The officer gave us a very serious scolding as he made us sweat.  I'm sure now that he must have been choking back laughter, as he took the beer away, and sent us home. As we drove back on highway 29 our hearts were in our throats, but we never heard about the incident again. 

 

We called it the "Miracle in Willmar" because we didn't get put in jail, our school wasn’t notified, and our parents weren’t contacted. 

 

But that was life in small town and it was a long, long time ago.

 

The Sample Switcheroo!

Ron was not usually known to be a high risk taker, but once in a while circumstances dictated drastic action.

 

Ron, Jim Lundin and I had tried to enlist in the Air Force in the late summer of 57, but there was a long waiting list. But we were eager to leave and we wanted to go through boot camp together. That was important. We were good, supportive friends. So we decided to enlist instead into the Naval Air Force after the local recruiter promised we'd leave in the fall, go through boot camp together, and maybe even some schools after that. We signed on the dotted line.

 

We reported to Minneapolis on the  morning  of November 3rd, 1957, a little awestruck by the realization that, " there is no going back now!"

 

We were there for a preliminary physical and a swearing in ceremony before hopping aboard transportation to the GLNTC near Milwaukee. The physical came first, and you had to pass it to go further.

 

At some step in the physical we had to pass urine into a sample jar, place  an identification card on top of the sample, and then put that on a public table in the hall with all of the other recruit samples for pick up and lab testing.

 

Jimmy nor I can not now recall what prompted  Ron to be nervous, but he had early on started talking about his sample, sure he could fail the test and be sent back home, at least until later. We were all worried and discussed this during other parts of the physical. We wanted to go through Boot Camp together, and did not want to split up. That had been our plan all along!

 

I went into the men’s room, came out placed my sample and card on the table. Jim and Ron stayed in the bathroom, and took longer than I expected. When they came out I watched them go over to the table and put their samples and cards down on their sample jars. Then, my jaw fell open as they reached over to an unknown and unwitting donor's sample, and calmly switched Ron's identification card with that one.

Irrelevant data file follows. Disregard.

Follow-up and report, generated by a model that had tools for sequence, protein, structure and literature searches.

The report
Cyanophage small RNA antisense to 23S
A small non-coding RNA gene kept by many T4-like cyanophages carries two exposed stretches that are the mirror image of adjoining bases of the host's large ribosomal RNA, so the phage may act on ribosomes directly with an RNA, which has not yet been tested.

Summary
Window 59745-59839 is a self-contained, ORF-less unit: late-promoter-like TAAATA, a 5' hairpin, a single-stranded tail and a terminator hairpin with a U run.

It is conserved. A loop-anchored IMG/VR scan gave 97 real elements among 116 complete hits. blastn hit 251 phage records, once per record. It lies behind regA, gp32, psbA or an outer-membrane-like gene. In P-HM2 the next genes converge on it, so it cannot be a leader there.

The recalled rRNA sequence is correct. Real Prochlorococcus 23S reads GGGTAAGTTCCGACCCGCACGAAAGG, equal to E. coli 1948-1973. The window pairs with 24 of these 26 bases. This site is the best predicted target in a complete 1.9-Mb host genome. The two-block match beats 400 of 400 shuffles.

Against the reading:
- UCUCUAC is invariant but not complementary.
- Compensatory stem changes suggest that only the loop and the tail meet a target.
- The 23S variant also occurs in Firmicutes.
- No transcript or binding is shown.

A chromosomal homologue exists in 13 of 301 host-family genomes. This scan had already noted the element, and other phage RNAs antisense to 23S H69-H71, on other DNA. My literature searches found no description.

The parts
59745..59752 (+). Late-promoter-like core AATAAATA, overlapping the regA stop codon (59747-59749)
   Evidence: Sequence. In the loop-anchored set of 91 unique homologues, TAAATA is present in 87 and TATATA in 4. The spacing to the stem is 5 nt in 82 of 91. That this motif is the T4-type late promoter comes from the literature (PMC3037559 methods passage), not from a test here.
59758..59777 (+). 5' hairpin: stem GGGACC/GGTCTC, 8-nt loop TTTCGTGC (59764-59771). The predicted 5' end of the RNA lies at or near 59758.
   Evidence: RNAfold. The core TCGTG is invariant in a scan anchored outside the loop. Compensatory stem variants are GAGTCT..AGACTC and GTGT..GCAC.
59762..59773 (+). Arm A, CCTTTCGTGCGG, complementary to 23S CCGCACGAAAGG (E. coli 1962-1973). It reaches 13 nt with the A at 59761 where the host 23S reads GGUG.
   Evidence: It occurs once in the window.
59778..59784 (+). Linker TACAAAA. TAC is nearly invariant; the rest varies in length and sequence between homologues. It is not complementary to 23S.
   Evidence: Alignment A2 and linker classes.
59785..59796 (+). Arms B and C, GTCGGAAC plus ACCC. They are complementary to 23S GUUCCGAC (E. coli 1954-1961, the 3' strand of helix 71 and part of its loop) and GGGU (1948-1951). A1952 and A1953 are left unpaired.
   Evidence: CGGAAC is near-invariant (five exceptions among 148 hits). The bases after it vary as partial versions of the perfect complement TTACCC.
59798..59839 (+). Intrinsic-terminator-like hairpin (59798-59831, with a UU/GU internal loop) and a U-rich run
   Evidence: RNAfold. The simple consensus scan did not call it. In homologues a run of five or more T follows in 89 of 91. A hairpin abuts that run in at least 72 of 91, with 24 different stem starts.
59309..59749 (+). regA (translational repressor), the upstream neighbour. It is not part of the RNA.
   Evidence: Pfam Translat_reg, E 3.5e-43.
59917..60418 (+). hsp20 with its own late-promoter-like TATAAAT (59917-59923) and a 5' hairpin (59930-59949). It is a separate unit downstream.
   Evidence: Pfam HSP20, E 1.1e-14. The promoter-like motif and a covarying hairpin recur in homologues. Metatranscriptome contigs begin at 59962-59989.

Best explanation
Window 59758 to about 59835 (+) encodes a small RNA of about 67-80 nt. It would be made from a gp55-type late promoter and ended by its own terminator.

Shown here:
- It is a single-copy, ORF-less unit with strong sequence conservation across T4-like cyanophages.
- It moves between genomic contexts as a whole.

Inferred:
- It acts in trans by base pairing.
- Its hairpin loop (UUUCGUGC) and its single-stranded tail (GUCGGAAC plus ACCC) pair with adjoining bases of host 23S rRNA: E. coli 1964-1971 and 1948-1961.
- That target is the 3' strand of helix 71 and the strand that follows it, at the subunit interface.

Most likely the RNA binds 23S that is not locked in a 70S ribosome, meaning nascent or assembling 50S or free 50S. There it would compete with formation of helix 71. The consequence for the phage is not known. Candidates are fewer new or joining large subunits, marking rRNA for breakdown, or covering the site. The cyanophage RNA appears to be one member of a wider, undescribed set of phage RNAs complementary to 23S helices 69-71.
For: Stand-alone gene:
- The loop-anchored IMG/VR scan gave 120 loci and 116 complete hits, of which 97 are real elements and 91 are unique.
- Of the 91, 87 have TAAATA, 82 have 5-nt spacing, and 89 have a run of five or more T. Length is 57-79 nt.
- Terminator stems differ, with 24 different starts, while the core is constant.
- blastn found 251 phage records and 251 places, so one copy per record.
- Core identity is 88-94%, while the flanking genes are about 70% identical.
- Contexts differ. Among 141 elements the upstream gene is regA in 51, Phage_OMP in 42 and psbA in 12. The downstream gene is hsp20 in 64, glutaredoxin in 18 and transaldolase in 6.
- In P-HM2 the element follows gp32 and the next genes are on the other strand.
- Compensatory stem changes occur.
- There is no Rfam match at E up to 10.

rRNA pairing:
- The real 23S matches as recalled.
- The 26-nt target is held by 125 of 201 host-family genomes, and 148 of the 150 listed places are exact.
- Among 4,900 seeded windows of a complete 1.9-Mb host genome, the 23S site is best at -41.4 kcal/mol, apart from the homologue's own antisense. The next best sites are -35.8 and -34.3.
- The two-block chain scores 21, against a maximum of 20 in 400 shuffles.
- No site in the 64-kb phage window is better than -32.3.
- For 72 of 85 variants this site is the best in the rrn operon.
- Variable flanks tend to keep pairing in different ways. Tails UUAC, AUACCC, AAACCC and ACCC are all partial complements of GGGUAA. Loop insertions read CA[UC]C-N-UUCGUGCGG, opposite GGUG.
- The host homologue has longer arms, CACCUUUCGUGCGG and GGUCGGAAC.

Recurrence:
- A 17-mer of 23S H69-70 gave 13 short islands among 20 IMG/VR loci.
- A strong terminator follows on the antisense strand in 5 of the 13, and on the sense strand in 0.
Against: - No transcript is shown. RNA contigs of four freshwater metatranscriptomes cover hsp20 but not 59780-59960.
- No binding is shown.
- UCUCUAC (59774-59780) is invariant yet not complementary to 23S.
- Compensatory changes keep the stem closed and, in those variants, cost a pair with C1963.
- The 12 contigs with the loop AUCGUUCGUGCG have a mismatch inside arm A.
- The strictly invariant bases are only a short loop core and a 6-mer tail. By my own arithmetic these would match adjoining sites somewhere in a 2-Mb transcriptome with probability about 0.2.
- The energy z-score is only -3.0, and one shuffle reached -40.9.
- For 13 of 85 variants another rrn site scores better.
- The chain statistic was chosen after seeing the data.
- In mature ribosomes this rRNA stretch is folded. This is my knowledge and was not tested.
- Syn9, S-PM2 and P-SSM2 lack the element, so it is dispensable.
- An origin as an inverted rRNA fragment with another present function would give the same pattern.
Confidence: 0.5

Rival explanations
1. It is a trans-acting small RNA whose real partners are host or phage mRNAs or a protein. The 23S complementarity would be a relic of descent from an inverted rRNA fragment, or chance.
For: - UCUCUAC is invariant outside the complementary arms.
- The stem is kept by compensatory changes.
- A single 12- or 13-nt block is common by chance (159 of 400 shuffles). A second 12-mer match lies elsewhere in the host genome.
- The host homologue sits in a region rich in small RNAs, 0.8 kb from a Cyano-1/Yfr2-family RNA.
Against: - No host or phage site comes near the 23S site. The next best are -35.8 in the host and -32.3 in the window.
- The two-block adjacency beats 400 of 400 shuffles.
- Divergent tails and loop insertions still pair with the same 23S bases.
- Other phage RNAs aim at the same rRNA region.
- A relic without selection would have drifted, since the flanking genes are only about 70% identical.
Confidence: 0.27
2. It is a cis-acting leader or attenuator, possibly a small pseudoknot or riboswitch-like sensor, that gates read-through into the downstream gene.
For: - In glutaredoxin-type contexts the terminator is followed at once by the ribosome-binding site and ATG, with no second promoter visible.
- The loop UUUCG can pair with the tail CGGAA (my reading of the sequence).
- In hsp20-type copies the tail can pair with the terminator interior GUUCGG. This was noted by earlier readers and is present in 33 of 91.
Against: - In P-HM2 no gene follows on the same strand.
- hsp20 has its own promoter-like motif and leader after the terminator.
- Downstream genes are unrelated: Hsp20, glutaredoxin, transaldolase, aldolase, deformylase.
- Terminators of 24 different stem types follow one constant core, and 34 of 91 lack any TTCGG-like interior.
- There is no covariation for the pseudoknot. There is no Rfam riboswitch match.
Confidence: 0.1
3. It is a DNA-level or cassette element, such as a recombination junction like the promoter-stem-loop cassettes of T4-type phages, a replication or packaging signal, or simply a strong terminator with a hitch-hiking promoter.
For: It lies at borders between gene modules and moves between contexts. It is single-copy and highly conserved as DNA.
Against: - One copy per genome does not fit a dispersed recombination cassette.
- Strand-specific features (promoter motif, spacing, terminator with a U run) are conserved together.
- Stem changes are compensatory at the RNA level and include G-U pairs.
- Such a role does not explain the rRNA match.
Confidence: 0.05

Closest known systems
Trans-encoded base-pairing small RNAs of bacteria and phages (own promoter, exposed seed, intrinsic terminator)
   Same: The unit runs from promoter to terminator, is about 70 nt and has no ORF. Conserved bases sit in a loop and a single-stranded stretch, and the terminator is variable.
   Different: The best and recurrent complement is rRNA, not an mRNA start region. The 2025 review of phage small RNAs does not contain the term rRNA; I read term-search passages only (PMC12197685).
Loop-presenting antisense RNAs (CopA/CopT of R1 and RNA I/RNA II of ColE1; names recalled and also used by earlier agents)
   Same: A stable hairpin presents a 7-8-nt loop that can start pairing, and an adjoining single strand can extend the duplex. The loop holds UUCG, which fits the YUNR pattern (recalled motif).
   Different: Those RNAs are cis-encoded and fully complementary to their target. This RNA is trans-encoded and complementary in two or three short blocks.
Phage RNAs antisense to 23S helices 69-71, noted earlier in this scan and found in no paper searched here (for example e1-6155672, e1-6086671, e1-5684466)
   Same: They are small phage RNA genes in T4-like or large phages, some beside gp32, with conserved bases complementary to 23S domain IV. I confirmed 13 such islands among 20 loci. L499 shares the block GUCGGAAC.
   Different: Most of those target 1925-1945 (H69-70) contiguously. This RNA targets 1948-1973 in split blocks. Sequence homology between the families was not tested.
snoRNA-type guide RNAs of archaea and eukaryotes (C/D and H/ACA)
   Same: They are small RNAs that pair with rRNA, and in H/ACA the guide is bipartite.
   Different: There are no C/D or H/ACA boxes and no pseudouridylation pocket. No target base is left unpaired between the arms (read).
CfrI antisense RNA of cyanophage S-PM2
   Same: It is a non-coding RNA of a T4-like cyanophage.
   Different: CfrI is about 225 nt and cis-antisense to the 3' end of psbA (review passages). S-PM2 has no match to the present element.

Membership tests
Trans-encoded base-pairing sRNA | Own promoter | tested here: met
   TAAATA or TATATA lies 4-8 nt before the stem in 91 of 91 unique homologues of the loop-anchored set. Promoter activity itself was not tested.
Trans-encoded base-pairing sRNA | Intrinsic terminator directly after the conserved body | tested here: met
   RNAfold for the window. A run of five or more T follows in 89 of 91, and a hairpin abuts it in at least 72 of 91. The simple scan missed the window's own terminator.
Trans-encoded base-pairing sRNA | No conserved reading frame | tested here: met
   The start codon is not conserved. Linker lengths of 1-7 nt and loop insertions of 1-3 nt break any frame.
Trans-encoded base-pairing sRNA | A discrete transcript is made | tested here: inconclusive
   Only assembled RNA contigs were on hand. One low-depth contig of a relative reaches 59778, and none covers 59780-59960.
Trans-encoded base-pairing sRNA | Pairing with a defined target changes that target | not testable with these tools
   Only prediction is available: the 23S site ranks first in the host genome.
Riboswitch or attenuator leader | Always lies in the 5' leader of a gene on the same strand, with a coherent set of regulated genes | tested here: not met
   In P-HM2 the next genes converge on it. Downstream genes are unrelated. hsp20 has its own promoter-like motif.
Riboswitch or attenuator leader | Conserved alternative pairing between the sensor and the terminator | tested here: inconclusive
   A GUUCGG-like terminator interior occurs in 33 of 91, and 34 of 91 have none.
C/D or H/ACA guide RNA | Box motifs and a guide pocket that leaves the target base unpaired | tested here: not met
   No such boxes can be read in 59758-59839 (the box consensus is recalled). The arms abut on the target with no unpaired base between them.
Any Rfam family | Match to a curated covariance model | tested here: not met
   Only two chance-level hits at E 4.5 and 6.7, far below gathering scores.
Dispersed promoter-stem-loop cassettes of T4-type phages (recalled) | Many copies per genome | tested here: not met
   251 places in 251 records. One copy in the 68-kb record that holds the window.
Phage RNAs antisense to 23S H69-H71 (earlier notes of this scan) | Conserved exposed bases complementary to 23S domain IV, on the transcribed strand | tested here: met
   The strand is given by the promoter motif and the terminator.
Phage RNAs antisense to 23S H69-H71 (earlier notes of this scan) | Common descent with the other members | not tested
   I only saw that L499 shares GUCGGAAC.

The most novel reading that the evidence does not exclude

Ron passed the physical, as we all did, and we went through boot camp together and had a great time. Our company won more achievement flags than had ever been earned in the history of the GLNTC. At graduation we were the "color company", marching at the head of all of the recruits from across the nation.

 

However,  to this day we do not know if there was some poor and thoroughly surprised guy who was sent back home for a failed urine test.

 

Desperate times dictate desperate actions!

 

Conclusion

A few stories do not sum up someone’s life. Ron was a complex guy with many unmentioned traits. He was my boyhood buddy who worried and cared about those around him. He was loyal and fun loving, and those traits are universally sound.

 

Edward Kennedy’s words at his brother Bobby’s funeral sums It up better than I can:

 

 "Those of us who loved him and who take him to his rest today, we pray that what he was to us and what he wished for others will some day come to pass for all the world…"

 

Wendy, Penny, Tim, Larry and Kim, to me those words could easily apply to how your Father, your Brother and my Friend lived his life.

 

In  some ways I guess life has been like main street, and I’m sure glad I got to drag it with yah Bones!